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Ecological treatment may be beneficial in patients with ulcerative colitis
A clinical study published previously in Gut suggests for the first time that an ecological treatment combining a prebiotic mixture of fructo-oligosaccharides (FOS) of different chain length with a Bifidobacterium longum (a synbiotic) could have therapeutic benefits in the distal colon of patients with acute ulcerative colitis.1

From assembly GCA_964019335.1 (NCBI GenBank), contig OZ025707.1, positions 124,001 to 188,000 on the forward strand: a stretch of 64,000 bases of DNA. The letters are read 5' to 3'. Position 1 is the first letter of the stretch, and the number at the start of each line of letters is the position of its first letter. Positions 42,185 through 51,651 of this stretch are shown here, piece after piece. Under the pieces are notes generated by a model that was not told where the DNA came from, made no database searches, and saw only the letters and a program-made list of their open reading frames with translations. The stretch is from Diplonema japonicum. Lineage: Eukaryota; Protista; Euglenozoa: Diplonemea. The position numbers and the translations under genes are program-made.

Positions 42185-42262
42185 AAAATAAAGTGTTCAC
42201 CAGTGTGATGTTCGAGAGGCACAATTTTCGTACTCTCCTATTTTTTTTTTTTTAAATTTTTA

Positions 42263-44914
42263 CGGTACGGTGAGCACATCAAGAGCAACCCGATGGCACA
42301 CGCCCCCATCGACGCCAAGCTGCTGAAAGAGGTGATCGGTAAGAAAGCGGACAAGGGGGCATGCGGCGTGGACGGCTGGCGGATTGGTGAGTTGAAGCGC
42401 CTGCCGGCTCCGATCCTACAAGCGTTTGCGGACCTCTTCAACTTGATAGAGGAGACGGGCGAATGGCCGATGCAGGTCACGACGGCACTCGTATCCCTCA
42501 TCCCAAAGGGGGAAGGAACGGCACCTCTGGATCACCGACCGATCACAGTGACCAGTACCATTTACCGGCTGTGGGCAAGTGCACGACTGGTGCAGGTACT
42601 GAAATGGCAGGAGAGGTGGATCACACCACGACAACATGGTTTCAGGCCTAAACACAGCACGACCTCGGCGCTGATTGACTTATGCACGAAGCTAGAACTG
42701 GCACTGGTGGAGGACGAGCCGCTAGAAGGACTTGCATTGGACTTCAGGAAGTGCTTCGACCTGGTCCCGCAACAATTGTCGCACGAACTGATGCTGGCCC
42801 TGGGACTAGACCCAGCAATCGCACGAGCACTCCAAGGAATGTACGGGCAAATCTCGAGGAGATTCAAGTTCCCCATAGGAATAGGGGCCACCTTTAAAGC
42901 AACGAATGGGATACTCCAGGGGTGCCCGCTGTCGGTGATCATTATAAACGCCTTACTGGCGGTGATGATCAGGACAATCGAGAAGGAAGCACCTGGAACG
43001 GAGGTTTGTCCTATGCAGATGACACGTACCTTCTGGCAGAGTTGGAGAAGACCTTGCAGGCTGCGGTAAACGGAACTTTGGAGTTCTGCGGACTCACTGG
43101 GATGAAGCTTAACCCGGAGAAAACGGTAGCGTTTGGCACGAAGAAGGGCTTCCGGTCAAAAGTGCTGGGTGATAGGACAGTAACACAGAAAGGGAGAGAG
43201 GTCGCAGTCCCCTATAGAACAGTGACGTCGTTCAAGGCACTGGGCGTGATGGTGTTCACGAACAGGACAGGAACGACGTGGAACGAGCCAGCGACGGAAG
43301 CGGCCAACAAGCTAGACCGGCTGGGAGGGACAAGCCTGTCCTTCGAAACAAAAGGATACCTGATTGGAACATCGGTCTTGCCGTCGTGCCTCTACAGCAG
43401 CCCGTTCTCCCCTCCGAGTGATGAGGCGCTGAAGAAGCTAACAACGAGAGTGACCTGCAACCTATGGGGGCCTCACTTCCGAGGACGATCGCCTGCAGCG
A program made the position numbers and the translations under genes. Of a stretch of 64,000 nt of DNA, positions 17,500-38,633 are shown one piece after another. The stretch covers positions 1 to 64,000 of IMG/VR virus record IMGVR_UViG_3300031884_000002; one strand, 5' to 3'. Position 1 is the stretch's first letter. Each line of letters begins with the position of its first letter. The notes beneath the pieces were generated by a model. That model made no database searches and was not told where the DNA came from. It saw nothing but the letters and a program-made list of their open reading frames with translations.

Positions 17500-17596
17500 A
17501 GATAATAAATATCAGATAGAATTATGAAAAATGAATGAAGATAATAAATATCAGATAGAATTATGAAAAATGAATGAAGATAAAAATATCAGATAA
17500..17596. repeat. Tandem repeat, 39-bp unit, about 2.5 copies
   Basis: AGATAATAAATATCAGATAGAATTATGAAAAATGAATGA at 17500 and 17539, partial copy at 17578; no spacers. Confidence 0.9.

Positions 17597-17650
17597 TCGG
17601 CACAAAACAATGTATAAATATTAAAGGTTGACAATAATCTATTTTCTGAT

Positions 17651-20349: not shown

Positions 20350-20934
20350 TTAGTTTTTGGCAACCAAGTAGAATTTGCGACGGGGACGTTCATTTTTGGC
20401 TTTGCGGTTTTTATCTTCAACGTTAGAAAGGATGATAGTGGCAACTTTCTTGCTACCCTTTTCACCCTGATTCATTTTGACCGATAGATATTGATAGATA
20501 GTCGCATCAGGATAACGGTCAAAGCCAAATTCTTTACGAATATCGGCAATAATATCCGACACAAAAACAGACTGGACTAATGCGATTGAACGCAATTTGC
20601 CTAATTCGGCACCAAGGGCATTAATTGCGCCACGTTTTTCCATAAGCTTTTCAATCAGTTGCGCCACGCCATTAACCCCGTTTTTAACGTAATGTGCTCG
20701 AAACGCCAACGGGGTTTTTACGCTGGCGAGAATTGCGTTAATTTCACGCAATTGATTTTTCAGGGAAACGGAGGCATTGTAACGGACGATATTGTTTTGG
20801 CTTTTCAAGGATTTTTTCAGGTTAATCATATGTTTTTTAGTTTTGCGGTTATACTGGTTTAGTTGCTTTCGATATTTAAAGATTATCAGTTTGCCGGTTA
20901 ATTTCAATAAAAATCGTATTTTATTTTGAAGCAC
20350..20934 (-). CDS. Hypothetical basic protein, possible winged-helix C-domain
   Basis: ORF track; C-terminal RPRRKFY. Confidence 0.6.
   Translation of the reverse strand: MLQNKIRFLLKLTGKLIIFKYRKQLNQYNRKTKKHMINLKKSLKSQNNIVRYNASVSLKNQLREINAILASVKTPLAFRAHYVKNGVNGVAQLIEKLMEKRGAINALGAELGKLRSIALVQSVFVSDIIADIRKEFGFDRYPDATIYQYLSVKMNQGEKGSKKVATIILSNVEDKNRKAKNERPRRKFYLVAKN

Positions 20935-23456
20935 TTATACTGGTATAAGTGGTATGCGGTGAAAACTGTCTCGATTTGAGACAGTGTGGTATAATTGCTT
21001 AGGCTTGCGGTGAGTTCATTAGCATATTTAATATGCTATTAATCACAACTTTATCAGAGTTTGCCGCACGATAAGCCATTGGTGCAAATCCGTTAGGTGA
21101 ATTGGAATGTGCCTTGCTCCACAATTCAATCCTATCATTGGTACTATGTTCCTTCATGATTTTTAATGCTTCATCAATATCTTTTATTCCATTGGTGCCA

In this randomised double-blind pilot trial, a marked decrease in endoscopic lesions in the distal colon was observed in the ecological treatment group but not in the placebo group. The biological markers of inflammation in the mucosa, tumour necrosis factor α, interleukin (IL) 1-α and the human β-defensins 2, 3 and 4, decreased (ie, were ameliorated) in the group receiving the ecological treatment. This study will probably not convince most clinicians because of the low number of subjects, the use of concomittent treatments and the lack of histological inflammation score. However, pilot studies such as this one will hopefully bridge the expanding animal data and still limited human clinical research and help select products for powered randomised controlled trials. Many ecological treatments have now been shown to be effective in the treatment of experimental inflammatory bowel disease (IBD) in rodents.2 The term probiotic defines “live microorganisms which when administered in adequate amounts confer a health benefit on the host”. Efficient probiotic strains have been found in different bacterial genera including bifidobacteria, …
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